Adjusting Mobile Campaigns While In Market

Emily HaaseWe are all human. We all make mistakes. And SMS interactions are no exception. Despite the time and effort put into planning an SMS campaign before it goes live, including trying to anticipate and accommodate possible mistakes made by the consumers interacting with your campaign, most marketers find that even after a campaign is live in market they are tweaking and adjusting their message flow.

For example, let’s say I’m running a campaign asking customers to text KNOTICE to my shortcode to receive a special offer. As I’m setting up the campaign, I will consider what mistakes could easily be made with my keyword that might prevent a customer from participating in my SMS message flow. So, I would likely configure my system to also accept the keyword NOTICE, KNOTISE and NOTISE. That way, customers who wish to participate in the program, but who make a simple and common mistake with the keyword, won’t experience any frustration or delay.

Once my program is live, however, I will monitor the inbound message logs to look for patterns of mistakes that are preventing customers from getting my special offer. From monitoring the logs I can see that 10 percent of my failed attempts are people texting KN0TICE, with a zero (“0”) instead of the letter O. So, I can add that version of the keyword to my system as an acceptable alternative version of the original keyword.

Another important touchpoint to monitor is your helpline. If you choose to include a telephone number that can be called for support, make sure that the people responsible for answering the calls are able to provide the help that customers need. Educate your call center about the campaign and the kinds of issues or questions consumers may have. For example, motivate the call center to ask customers if they have a signature on their SMS messages that might be throwing off the message flow. Or perhaps they have disabled their numeric keys and are entering “,.!” instead of “abc.”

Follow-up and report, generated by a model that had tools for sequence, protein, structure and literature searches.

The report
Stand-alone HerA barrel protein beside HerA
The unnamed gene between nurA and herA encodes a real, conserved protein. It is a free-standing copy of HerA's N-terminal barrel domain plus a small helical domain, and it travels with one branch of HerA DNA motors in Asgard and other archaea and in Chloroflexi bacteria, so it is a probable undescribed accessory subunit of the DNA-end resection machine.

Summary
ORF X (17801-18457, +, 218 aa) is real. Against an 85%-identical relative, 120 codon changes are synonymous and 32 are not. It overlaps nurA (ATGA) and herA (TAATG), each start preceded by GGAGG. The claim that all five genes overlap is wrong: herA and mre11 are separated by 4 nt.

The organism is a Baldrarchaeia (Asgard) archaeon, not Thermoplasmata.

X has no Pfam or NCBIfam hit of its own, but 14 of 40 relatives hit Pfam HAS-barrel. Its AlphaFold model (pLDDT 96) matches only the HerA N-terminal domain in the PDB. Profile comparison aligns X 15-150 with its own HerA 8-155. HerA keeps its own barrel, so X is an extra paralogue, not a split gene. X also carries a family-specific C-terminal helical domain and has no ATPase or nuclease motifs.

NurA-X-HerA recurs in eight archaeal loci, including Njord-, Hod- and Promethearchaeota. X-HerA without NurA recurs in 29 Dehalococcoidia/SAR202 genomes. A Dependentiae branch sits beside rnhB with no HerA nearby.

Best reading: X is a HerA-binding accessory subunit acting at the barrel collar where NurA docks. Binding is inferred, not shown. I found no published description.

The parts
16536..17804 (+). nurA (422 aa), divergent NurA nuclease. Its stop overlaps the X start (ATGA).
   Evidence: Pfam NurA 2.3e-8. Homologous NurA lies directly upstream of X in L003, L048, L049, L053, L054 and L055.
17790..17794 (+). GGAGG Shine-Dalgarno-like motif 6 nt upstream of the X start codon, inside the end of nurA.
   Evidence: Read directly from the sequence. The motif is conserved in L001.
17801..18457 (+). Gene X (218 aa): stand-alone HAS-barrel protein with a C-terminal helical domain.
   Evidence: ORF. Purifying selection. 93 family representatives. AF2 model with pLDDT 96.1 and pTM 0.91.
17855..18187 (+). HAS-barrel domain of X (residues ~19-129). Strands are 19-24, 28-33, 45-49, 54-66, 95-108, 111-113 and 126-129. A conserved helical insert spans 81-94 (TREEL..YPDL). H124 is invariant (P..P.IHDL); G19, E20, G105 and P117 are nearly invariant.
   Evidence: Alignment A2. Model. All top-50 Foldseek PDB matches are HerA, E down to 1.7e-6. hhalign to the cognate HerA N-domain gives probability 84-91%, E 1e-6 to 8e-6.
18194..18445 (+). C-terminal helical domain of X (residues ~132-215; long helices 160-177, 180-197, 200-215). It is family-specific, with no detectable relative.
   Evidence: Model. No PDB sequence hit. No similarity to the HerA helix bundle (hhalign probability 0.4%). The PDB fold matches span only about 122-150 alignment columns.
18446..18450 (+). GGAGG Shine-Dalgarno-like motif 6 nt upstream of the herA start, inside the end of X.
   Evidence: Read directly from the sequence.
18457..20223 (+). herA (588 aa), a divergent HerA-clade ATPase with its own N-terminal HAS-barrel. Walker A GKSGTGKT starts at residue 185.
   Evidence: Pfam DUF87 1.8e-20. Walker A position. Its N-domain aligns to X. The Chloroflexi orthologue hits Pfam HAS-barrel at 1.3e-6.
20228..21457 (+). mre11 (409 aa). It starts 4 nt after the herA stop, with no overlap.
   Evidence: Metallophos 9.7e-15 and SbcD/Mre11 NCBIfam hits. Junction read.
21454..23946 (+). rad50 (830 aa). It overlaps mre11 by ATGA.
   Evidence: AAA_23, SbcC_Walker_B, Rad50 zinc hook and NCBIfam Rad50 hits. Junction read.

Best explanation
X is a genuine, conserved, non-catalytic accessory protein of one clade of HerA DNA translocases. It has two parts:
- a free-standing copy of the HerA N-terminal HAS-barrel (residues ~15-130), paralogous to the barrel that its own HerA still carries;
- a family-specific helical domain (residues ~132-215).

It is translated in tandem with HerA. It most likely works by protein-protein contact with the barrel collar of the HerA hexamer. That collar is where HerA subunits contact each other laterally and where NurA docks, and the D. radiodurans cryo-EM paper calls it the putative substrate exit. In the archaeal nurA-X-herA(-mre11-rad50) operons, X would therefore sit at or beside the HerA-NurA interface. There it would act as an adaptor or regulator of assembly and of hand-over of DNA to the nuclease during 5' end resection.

Customer feedback and keyword errors can also be a valuable resource for evaluating the success of your call to action creative. If the instructions for participating in the SMS program are unclear or incomplete, the market will tell you. You can look at the kinds of mistakes being made and the questions being asked and use that to improve your creative approach on the next call to action.

As a marketer, it is my responsibility to design an SMS campaign that is easy to use and is successful according to the client’s goals. But I still can’t anticipate everything. However, by examining failed attempts to interact with a program I can spot the mistakes I didn’t anticipate and prevent my customers from experiencing frustration and delay. After all, to err is human, but to adapt your SMS campaigns on the fly is just smart marketing.

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  1. Posted May 16, 2010 at 6:11 pm | Permalink

    “As a marketer, it is my responsibility to design an SMS campaign that is easy to use and is successful according to the client’s goals.”

    Excellent point. That’s our job innit? I’d add, after reading your post, that our job is to improve as well.

    • Posted May 17, 2010 at 10:26 am | Permalink

      Improvements are super important, yes. Mobile provides a unique opportunity for marketers – and clients – because the ability to improve and refine a campaign isn’t over once it is in market. The trick is to avoid becoming lazy as mobile marketers by falling back on the idea that “I can take a few short cuts because I can always improve the campaign once it’s in market.” Campaigns still need to be effectively locked in before introducing them to the market, but the ability to optimize once a campaign is live is a marketing luxury!

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